Over the last few years, significant improvements in inter-server network performance, coupled with stagnating intra-server interconnect performance, have driven advances in data center resource disaggregation. Disaggregation promises better resource utilization, support for hardware heterogeneity, and complete resource elasticity for applications, but actualizing these benefits while ensuring application performance requires operating system (OS) support. Unfortunately, existing approaches expose a hard tradeoff between application performance on one hand and resource elasticity on the other. Our driving vision is a fundamentally new network-centric design for the disaggregated OS — one that places resource management and access functionality in the data center network fabric to break the above tradeoff. In this talk, I will present our approach to realize this vision, with a focus on the first step: MIND, an in-network memory management unit (MMU) for rack-scale disaggregated architectures. MIND demonstrates that emerging programmable network switches can enable an efficient shared memory abstraction for disaggregated architectures by placing memory management logic in the network fabric, achieving transparent resource elasticity while matching the performance of prior memory disaggregation proposals for real-world workloads. I will also talk about what lies ahead in realizing our network-centric OS for disaggregated architectures.

Anurag Khandelwal is an Assistant Professor of Computer Science at Yale University, where his group focuses broadly on problems in computer systems and networks. Prior to joining Yale, he spent a semester as a post-doc at Cornell, working with Tom Ristenpart and Rachit Agarwal. He received his PhD from UC Berkeley, where he was advised by Ion Stoica. He is the recipient of the NSF CAREER award, NetApp faculty fellowship and a distinguished paper award at USENIX Security’20.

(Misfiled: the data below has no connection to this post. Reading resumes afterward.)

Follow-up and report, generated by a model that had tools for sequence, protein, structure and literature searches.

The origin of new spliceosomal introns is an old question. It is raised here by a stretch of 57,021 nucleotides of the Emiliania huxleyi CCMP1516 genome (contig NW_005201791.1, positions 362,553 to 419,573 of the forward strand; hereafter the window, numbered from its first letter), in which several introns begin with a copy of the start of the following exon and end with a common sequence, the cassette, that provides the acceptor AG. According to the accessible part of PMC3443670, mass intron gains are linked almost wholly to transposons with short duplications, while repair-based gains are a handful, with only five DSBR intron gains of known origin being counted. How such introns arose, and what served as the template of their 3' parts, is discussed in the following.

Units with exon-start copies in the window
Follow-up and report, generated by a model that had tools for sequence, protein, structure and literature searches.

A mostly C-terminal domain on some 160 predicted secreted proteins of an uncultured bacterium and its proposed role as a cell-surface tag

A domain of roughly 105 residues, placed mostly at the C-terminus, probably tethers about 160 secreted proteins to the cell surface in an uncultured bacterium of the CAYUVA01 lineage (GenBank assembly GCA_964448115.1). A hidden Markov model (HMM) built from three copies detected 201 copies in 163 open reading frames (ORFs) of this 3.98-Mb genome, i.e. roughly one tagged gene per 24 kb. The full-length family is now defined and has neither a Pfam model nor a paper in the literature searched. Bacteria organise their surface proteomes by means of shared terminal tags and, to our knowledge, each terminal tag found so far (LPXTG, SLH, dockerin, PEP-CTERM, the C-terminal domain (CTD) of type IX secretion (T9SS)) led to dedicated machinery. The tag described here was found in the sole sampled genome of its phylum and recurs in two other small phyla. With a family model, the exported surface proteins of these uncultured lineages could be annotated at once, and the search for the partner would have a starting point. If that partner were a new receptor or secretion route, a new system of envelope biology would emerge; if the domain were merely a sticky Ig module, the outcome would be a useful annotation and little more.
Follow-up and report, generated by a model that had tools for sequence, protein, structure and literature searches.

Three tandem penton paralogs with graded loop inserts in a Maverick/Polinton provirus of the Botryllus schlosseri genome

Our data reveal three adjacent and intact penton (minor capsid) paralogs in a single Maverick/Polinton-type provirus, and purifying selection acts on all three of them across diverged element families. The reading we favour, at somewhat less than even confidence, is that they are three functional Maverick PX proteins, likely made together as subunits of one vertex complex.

Anurag Khandelwal (Yale University)
November 12 Bao: Making Learned Query Optimization Practical (video)
Recent efforts applying machine learning techniques to query optimization have shown few practical gains due to substantive training overhead, inability to adapt to changes, and poor tail performance. Motivated by these difficulties, we introduce Bao (the Bandit optimizer). Bao takes advantage of the wisdom built into existing query optimizers by providing per-query optimization hints. Bao combines modern tree convolutional neural networks with Thompson sampling, a well-studied reinforcement learning algorithm. As a result, Bao automatically learns from its mistakes and adapts to changes in query workloads, data, and schema. Experimentally, we demonstrate that Bao can quickly learn strategies that improve end-to-end query execution performance, including tail latency, for several workloads containing long-running queries. In cloud environments, we show that Bao can offer both reduced costs and better performance compared with a commercial system.